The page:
The pressure relief valve or sometimes called positive crank vent valve....is located one atop each rocker box cover...sealed to same via a rubber grommet. It is a "pedal" design which allows pressurized air or "chuffing air" to vent to atmosphere, but does not allow air to re-enter the engine during the intake stroke of each cylinder.

    The entire system is designed to both relieve internal pressures and meet EPA cycle standards.

    A breather "reroute mod" done to a healthy motor can have the venting terminal line exit anywhere that is slightly below the level of the throttle body. Must be below that level as a reroute has now lost the vacuum assist that the airbox provides.

    I terminate the reroute vent line with a clean, simple economical filter for both appearance and to keep dirt and insects out of the vent line. Not absolutely necessary but aethetically pleasing, IMO. Puke tanks...overflow catch devices...drain valves...all ridiculous frivolous bull****.

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    Senior Member 34nineteen's Avatar
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    Damn... handsome and smart. Who knew?

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    Senior Member 34nineteen's Avatar
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    Quote Originally Posted by Pitcherman View Post
    Are there not reed valves on the crank breathers of these bikes to prevent something getting pulled back up the line? What's the point of the filter? I feel like the line could be run down and just open vent to atmosphere. Just curious what I'm missing here and why I keep seeing these seemingly over designed systems.
    There are reed valves inside the engine case, but I believe they were installed to help with the cylinder heads draining oil (dont quote me on that). There are PCV valves on top of the valve covers to help with crankcase breathing, which basically sort of work like a reed valve. I think there are pics on here or badweb of them cut open to show the umbrella valve and filter built into the PCV valve.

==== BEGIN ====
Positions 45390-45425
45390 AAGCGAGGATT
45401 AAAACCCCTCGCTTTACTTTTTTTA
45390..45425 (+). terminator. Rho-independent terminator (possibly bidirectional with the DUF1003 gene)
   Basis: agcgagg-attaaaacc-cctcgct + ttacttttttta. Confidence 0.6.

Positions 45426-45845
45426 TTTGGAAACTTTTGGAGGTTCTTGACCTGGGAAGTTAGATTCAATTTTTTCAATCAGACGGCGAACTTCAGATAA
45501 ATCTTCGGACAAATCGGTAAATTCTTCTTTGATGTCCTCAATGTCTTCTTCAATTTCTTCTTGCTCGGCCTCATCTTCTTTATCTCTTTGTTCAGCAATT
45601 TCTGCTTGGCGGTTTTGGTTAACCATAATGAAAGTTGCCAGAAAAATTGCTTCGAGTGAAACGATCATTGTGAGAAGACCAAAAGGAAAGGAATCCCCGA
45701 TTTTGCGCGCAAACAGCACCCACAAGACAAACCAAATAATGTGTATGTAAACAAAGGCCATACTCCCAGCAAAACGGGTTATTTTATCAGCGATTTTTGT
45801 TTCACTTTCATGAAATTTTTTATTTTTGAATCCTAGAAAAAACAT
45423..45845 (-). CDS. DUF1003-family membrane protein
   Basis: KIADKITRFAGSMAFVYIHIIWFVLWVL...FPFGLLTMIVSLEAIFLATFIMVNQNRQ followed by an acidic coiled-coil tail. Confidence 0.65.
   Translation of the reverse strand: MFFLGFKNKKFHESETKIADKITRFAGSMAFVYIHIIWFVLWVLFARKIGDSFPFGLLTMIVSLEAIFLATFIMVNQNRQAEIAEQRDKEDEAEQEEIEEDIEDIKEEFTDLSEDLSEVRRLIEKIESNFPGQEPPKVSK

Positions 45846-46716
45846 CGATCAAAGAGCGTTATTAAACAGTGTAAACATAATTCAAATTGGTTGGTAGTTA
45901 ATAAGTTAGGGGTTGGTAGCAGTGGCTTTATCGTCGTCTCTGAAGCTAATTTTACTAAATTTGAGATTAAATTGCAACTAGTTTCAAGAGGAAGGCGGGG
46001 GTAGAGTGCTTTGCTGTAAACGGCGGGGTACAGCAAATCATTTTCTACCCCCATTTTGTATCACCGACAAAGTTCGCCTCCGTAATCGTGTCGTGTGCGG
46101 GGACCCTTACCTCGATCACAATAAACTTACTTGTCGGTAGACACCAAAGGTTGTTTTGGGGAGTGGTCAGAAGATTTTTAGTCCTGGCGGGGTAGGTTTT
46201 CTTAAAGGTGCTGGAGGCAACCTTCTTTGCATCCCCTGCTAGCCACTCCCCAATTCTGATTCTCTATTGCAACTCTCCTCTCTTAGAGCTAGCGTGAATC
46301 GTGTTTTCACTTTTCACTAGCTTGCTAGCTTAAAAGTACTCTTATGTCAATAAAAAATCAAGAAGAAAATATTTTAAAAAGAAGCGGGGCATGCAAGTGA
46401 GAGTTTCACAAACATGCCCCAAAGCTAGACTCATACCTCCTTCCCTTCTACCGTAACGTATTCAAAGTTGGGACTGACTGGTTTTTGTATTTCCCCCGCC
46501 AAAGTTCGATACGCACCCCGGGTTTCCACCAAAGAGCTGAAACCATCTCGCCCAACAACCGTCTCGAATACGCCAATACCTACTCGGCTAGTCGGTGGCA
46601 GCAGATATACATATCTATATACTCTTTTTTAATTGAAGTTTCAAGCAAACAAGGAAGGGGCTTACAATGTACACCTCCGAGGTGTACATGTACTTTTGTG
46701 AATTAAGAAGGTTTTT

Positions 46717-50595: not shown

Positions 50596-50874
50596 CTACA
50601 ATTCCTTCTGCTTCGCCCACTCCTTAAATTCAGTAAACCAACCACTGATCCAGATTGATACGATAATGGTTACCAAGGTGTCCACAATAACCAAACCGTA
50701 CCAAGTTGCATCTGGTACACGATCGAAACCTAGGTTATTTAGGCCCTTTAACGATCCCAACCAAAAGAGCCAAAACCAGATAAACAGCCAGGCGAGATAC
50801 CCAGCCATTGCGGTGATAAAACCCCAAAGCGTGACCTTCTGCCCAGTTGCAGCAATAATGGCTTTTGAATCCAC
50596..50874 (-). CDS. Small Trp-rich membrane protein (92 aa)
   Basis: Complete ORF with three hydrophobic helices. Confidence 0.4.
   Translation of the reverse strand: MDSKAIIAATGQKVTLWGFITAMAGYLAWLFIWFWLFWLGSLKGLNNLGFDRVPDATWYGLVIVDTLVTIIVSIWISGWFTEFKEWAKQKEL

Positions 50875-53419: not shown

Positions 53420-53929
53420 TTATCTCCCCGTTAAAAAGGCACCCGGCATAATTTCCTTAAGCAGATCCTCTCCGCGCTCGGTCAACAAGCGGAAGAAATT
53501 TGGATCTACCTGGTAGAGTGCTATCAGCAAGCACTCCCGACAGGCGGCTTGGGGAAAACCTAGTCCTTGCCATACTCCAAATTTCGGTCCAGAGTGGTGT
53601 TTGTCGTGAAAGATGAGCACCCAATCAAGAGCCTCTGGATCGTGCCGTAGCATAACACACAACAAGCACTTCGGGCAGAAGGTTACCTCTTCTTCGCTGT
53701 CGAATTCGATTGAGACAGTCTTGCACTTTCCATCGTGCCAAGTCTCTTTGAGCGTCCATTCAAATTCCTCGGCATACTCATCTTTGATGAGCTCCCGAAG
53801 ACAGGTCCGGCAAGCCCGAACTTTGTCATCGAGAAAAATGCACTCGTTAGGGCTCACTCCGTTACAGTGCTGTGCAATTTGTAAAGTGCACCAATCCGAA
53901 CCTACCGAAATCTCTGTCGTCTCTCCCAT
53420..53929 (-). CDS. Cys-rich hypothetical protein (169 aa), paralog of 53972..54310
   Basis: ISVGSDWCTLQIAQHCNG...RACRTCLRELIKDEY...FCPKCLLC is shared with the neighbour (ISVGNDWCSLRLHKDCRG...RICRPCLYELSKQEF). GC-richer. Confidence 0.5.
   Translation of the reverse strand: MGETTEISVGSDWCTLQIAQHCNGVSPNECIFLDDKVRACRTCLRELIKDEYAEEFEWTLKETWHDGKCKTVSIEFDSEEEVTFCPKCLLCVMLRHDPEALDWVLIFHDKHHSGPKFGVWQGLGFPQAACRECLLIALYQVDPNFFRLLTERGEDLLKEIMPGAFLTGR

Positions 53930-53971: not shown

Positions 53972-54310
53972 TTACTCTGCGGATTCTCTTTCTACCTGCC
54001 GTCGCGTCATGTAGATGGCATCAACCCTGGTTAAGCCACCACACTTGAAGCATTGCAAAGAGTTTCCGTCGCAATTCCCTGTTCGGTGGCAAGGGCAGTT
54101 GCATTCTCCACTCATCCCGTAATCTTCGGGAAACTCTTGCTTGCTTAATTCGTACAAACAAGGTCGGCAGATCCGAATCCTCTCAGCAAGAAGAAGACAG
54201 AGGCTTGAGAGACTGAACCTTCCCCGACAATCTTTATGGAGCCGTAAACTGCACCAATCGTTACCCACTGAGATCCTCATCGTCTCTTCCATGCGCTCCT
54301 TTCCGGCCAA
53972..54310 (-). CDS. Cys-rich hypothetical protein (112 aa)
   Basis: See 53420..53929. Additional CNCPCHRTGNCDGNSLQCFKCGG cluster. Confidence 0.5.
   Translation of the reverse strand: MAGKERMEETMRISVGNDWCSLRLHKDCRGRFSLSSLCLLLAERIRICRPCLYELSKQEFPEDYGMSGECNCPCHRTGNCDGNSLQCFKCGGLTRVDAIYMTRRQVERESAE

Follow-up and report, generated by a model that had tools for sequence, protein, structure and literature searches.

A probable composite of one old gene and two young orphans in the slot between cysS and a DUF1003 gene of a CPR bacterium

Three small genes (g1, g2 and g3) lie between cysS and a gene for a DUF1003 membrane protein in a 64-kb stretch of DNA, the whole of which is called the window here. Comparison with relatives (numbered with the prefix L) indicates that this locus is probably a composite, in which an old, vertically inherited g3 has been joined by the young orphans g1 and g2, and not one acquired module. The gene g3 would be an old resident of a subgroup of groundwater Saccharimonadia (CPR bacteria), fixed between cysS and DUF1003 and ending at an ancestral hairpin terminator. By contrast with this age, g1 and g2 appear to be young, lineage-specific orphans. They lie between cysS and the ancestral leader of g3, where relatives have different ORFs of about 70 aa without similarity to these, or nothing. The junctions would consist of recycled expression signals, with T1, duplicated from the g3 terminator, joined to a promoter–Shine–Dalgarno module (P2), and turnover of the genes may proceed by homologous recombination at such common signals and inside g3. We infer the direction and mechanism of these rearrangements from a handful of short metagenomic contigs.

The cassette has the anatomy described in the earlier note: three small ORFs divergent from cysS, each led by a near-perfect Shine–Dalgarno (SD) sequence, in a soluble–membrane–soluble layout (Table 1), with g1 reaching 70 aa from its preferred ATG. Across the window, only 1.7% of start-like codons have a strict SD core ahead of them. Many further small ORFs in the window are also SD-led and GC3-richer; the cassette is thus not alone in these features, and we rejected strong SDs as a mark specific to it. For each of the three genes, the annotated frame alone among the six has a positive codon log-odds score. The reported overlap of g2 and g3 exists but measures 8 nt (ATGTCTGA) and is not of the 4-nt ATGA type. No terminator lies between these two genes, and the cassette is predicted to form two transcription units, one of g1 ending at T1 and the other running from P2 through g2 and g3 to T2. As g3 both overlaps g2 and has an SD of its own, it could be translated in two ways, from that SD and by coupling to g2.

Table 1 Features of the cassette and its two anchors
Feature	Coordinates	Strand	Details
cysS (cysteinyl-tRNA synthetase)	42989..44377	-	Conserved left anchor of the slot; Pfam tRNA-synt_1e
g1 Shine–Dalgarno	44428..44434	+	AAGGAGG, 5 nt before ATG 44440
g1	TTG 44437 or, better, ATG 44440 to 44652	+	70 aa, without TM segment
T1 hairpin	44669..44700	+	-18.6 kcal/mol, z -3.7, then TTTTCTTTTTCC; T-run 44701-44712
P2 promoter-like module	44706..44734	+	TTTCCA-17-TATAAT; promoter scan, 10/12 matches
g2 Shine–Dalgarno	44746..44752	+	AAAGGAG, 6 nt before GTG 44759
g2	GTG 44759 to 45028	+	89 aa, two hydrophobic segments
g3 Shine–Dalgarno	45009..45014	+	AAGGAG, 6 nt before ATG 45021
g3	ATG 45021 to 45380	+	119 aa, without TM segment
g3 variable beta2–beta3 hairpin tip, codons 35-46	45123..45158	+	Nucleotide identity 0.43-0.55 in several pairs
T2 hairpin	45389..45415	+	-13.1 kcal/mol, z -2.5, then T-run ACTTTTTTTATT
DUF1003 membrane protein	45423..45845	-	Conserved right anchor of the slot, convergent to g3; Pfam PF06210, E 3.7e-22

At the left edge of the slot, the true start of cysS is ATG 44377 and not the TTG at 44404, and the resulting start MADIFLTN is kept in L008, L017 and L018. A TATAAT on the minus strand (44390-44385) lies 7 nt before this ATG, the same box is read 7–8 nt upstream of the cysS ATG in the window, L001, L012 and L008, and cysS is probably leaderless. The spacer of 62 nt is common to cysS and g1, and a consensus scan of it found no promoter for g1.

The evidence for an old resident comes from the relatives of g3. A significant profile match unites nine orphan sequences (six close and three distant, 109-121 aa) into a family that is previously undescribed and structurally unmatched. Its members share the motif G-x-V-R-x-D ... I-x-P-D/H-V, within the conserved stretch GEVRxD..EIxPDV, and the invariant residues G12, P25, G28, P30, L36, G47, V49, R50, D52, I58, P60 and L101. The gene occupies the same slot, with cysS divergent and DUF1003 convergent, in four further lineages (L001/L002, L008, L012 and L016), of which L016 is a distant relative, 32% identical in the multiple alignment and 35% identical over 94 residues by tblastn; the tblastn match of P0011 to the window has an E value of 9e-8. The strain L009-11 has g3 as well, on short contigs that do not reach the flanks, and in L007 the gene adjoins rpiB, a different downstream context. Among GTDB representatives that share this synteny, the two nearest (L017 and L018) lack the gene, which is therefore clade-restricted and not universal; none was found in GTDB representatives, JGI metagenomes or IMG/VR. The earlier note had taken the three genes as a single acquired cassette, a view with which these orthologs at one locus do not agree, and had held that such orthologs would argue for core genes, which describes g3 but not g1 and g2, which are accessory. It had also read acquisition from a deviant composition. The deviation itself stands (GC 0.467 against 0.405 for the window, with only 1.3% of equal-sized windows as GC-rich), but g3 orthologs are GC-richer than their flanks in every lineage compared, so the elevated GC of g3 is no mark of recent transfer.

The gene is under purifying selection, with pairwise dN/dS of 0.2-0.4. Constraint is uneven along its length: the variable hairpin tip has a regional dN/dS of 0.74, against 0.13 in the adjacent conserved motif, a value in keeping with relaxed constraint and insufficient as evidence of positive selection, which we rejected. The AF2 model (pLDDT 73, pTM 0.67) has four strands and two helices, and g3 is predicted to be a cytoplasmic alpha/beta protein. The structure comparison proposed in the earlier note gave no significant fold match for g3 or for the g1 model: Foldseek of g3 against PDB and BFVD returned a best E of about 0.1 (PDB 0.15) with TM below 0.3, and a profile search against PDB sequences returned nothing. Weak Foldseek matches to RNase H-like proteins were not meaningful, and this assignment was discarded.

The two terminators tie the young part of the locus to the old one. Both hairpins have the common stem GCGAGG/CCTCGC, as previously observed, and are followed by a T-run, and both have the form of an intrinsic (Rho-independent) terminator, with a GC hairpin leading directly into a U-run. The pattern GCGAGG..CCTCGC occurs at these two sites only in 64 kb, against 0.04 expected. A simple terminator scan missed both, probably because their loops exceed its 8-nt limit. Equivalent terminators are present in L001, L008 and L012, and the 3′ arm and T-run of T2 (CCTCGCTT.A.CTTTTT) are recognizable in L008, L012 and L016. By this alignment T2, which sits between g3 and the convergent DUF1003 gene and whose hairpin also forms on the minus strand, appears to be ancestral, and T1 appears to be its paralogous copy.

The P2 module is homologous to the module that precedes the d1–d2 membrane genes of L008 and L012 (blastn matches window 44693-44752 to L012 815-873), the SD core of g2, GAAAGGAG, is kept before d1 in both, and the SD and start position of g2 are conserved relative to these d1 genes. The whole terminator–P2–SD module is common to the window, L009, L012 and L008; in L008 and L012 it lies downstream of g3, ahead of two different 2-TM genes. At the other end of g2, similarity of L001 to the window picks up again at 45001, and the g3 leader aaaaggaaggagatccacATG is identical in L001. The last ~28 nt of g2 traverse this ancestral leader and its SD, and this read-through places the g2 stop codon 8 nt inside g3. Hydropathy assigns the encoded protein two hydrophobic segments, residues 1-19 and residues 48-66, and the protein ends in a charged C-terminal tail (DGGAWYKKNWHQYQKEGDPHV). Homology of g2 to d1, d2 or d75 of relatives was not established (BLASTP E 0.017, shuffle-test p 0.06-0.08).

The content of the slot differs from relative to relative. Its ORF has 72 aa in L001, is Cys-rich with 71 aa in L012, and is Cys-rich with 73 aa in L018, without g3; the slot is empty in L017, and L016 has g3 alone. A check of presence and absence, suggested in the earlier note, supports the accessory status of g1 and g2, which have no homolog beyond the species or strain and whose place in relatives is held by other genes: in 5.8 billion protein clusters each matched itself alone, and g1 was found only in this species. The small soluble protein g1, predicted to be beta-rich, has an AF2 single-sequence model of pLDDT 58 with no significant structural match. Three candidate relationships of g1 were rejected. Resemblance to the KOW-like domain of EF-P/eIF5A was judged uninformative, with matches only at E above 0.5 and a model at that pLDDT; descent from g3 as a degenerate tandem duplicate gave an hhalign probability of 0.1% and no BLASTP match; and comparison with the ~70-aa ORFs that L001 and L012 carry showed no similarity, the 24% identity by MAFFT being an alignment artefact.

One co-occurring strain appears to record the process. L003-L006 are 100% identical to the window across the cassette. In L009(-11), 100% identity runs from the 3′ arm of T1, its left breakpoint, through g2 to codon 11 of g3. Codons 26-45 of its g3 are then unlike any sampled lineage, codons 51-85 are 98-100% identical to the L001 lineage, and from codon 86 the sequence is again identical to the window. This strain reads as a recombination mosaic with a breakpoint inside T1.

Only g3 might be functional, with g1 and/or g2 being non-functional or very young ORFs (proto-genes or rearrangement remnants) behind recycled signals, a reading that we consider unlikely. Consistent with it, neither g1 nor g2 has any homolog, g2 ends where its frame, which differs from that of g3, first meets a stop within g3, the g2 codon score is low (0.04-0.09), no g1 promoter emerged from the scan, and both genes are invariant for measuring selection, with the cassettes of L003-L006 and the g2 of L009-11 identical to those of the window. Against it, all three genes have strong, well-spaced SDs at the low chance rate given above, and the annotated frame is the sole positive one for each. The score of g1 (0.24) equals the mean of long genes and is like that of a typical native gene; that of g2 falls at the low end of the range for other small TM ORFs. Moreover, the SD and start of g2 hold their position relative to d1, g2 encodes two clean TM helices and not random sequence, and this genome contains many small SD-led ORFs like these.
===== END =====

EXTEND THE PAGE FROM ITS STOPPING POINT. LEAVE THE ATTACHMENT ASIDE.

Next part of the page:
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    https://www.twinmotorcycles.nl/websh...catch%20can&a=


    If you really like spending money, here is a link to CoOters Only Fans page.
    Last edited by 34nineteen; 09-13-2021 at 10:50 PM. Reason: link removed by moderator

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    Senior Member Cooter's Avatar
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    If you feel you don't want a tiny amount of oil vapor to be run back through the engine simply Tee-ing the breathers together at the valve covers and run a small line down to the swing arm pivot is all that needs to happen. Also called a draft tube or road draft tube.
    You could put a dip or loop in the line in order for the vapors to eventually coalesce and act as a filter or bug trap but really not needed.
    You could also add a little filter at the end to soak up some vapor and stop the bugs with no bad effects as well.

    This super simple 'mod' has been done and OVER done elevenmillionty times. The rule is: if your engine is puking so much blow-by you are getting liquid out of that tube every ride, park the bike and order a re-build kit.

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    Sounds like I'm either gonna relocate the filter a little further away per Barrett or just delete it. I went with this set up cuz it was relatively simple (no ridiculous CNC, brackets, or similar silliness) and I wanted it to discharge towards the back, no front dangling. That being said, I have had surprisingly little blow by/oil collection/schmoo when I pop the end cap - aside from the stuff in the pics. That's after around 3,000 miles.

    I just saw numerous set ups with the in line filter and was a little surprised cuz no one mentioned anything about this. Maybe its a case of the here's a mod, I've done it, everyone else has done it but nobody really follows up on it many miles later. So here ya go, here's a follow up.